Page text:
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Epicurious: Anything goes at Anything Grows

Forum to discuss future of food in Whistler and Pemberton

Many people had their first glance of the fertile farming lands just north of Whistler two weeks ago, during the first Pemberton Festival. The festival saw a longtime field transformed into grounds to hold 21,000 campers, dozens of vendors, and massive stages. But lots of locals are astutely aware of the real purpose of these lands — when I caught up with Pemberton Mayor Jordan Sturdy at the grounds, he recalled haying the same land years earlier.

The simple fact of the matter is that Pemberton is rich in agricultural land, and it’s time people got together to talk about how our local food systems work with this rich resource so close to home.

On Thursday, Aug. 14, from 7 p.m. until 9:30 p.m. at MY Millennium Place in Whistler, the Slow Food Cycle Sunday Society is hosting their first public forum, entitled Anything Grows: The Future of Food in Whistler and Pemberton, to discuss local food systems. The talk is free, and is sponsored by the Community Foundation of Whistler.

Anna Helmer, of Helmer’s Organic Farm, is one of the organizers of the event. She also sits on the Whistler 2020 task force on food sustainability. Her involvement on the task force has helped her understand the link between the communities, which she believes will see Pemberton becoming a significant future food source for Whistler, in years to come.

“Whistler and Pemberton have this unique, sort of symbiotic relationship where Whistler is a bigger population and needs food and really can’t grow much of their own food at all, and here’s Pemberton, with masses of land and huge potential to grow everything,” Helmer explained. “…Food sustainability for Whistler would include getting food from very close to home, and Pemberton is a big agricultural area, so that sort of follows.”

Right now, Pemberton’s agricultural production is somewhat limited in terms of crop variety, but Helmer said there is definitely room to expand their capacity.

“We have the potential to do so much up here, but really, we’re limited by lots of different things, and I think we need to talk about what those things are,” she added.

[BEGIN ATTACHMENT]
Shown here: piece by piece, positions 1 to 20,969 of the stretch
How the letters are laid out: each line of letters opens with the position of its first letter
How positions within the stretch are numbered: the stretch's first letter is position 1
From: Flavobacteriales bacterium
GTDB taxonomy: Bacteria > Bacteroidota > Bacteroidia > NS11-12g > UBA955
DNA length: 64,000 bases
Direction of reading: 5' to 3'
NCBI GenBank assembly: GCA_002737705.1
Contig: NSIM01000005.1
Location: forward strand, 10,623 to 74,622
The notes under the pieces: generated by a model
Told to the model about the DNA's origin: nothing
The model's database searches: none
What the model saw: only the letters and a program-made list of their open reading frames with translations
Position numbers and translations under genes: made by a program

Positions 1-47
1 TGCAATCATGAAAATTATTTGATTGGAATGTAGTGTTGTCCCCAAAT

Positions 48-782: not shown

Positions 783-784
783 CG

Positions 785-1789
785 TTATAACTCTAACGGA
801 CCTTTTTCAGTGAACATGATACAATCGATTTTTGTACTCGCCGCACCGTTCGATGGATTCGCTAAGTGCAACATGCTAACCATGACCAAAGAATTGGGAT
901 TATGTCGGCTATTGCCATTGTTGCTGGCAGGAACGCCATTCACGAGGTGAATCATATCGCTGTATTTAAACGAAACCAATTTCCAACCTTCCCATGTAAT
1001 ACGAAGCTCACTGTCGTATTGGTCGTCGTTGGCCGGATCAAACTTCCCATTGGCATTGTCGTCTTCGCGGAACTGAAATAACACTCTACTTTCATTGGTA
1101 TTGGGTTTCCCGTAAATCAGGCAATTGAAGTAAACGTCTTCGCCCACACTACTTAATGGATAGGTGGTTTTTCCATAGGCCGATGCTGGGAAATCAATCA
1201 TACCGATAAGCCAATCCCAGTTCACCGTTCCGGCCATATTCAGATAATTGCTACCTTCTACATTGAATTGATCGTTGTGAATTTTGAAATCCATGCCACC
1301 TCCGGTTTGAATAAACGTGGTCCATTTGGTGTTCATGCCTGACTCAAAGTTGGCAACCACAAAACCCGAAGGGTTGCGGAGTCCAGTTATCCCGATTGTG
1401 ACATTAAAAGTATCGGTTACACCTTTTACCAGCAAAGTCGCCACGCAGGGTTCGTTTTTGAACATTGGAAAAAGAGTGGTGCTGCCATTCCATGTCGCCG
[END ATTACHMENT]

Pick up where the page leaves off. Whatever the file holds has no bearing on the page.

The idea for the forum first came to Helmer when she was traveling through Thailand and Laos back in January. By the time they got home, fuel prices were starting to go through the roof, and food prices were beginning to follow. The timing was perfect.

“It’s not too late, it’s not like the fuel thing, where we’re captive now and completely dependent,” she explained.

While Helmer admits that making these necessary changes, like altering diets, eating patterns, and convincing people to invest more money eating locally, are challenging prospects, she believes that discussing the issues and brainstorming solutions is a key step in the right direction.

“It’s really important to note that I do not know what the solutions are, but this is a way that we can all sort of work it out together.”

She pointed out that consumers have a significant amount of influence and power, and it’s important that we engage in discussion on the subject to become informed and put pressure on government to make changes to our agricultural systems.

“Everybody needs to understand that we’re all in this together,” she added, “It’s not up to the farmer to change their entire model of business.”

To help discuss some of the more complicated underlying issues, organizers are bringing in a few guest speakers from Vancouver, including Robert Clark, executive chef at the prestigious C Restaurant. Clark is known as being progressive and well informed on the topic of food sustainability, and will be giving a talk entitled, “The Way I See It” —– his take on our local food system.

Ramona Scott of B.C.’s Land Conservancy will also be on hand to discuss some of the governmental issues that surround provincial agriculture.

“A lot of people think that they are the answer to getting farmers onto the land,” Helmer explained. “They run a few different programs aimed at preserving farmland.”

There are a lot of bureaucratic issues that need to be sorted out, and these are some of the subjects that will be tackled during their forum next week.

The Anything Grows discussion will precede the Slow Food Cycle, the annual community bike ride along the Pemberton Meadows Road, which will be held on Sunday, Aug. 17. For more information, visit .